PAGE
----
In arguing that “it was predominately through her body that the empress formulated this imperial identity” (p. 4), the theoretical underpinning of Yonan’s study follows a historiographical and analytical direction first suggested by Ernst Kantorowicz’s observations about “the king’s two bodies”--the body natural and the body politic, the former mortal but the latter a symbol of his office and divine right to rule. More recently scholars have brought a gender perspective to this model, which has yielded a much more complex and nuanced understanding of the bodies of queens. In this connection Yonan seeks to demonstrate how both of Maria Theresa’s bodies “were potentially valuable to an imperial conception of rule” (p. 5). In line with Erving Goffman’s notion of the human body as a conveyor of meaning in social space and Peter Burke’s emphasis on image as message, Yonan sees works of art that focus on Maria Theresa’s monarchical identity as “interventions into social semantics, and therefore a moment when meanings about monarchy can be manipulated” (p. 7).
The first two chapters approach this problem through the most predictably obvious medium: portraiture. The first chapter’s analytical centerpiece is Martin van Meytens’s famous state portrait of Maria Theresa dating from around 1750. Yonan contrasts this portrait with earlier portraits--beginning with Andreas Möller’s portrait of the young archduchess as an adolescent, through Gustav Adolf Müller’s 1740 engraving marking her accession, to Meytens’s 1744 double portrait, which adds a cameo of the young heir Archduke Joseph, to the top of the frame--all of which, while focusing on her royal status, were equally or perhaps even more concerned with focusing on her fertility. By 1750 Maria Theresa had already given birth to her tenth child and third son--Yonan repeats her oft-cited comment, “I never tire of having children” (p. 5)--so that neither her fertility nor her capacity to ensure the future of the dynasty were any longer in question. As a consequence, the 1750 portrait of a by-now more stout empress strives to “formulate a monarchical identity that is radically more empowering than anything that preceded [it]” (p. 34). A detailed analysis of the iconography of the portrait reveals the degree to which it focuses on her “monarchical power on its own terms” (p. 36) rather than her imperial status by virtue of her marriage to Holy Roman emperor Francis I. The second chapter is devoted to Anton von Maron’s 1773 portrait of Maria Theresia as widow, in which Yonan shows how the iconography of the earlier state portrait was modified to acknowledge her widowed status. While after the death of her husband in 1765 she was now the widowed Holy Roman empress, this in no way diminished her sovereign authority over the Habsburg patrimony guaranteed by the Pragmatic Sanction, so that Maron had to represent her “in a manner that codified [her] political power through credible visual codes” (p. 55).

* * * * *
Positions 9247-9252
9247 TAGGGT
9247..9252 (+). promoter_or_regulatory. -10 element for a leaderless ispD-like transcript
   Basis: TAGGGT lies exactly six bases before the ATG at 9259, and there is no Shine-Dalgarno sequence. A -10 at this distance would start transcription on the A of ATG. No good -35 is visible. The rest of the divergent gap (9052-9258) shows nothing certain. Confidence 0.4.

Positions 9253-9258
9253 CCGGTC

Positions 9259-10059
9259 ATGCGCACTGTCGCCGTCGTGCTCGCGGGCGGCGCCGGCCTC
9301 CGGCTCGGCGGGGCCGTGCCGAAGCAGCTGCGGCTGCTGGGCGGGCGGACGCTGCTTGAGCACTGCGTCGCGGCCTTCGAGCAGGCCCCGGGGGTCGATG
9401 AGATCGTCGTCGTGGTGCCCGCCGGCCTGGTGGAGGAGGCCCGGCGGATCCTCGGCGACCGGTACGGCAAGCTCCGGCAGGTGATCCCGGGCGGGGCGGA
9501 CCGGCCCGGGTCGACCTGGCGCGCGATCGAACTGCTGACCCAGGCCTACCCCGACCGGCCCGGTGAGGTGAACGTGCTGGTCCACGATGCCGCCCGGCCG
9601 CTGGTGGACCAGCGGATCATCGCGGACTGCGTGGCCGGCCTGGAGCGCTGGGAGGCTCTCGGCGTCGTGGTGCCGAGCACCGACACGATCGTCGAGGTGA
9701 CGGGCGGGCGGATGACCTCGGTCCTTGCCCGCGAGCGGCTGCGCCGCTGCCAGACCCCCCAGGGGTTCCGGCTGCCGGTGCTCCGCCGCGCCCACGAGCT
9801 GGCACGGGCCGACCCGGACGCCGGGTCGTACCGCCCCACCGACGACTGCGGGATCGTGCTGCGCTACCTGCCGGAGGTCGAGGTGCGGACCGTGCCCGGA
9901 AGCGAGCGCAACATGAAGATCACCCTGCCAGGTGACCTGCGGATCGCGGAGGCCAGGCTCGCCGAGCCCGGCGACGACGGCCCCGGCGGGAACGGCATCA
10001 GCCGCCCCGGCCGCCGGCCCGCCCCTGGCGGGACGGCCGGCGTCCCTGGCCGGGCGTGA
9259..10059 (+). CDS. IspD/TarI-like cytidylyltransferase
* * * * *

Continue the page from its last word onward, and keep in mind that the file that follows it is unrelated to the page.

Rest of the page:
The subsequent four chapters deal with the more complex problem of architectural settings and focus mainly on how the suburban Schönbrunn Palace’s “interior and exterior artistic programs were assembled” (p. 9). As Maria Theresa’s favorite palace, which received its current shape largely under her reign, Yonan seeks to demonstrate in three of the four chapters how room arrangement and decoration represent vital iconographic clues to the construction of the empress’s monarchical identity, and to show how the “strategic location of her body within architecture permitted her to maximize, or obviate, its social meanings” (pp. 8-9). This plan included the strategic placement of family portraits in the so-called Vieux-Laque room in such away that “the space’s circuits of power lead ultimately in all directions back to the omnipresent mother” (p. 125), and the decoration of the so-called Millionen-zimmer in a way that represents “an aesthetic choice with political overtones that highlight the role of a woman in the imaginary travel it invites” (p. 9).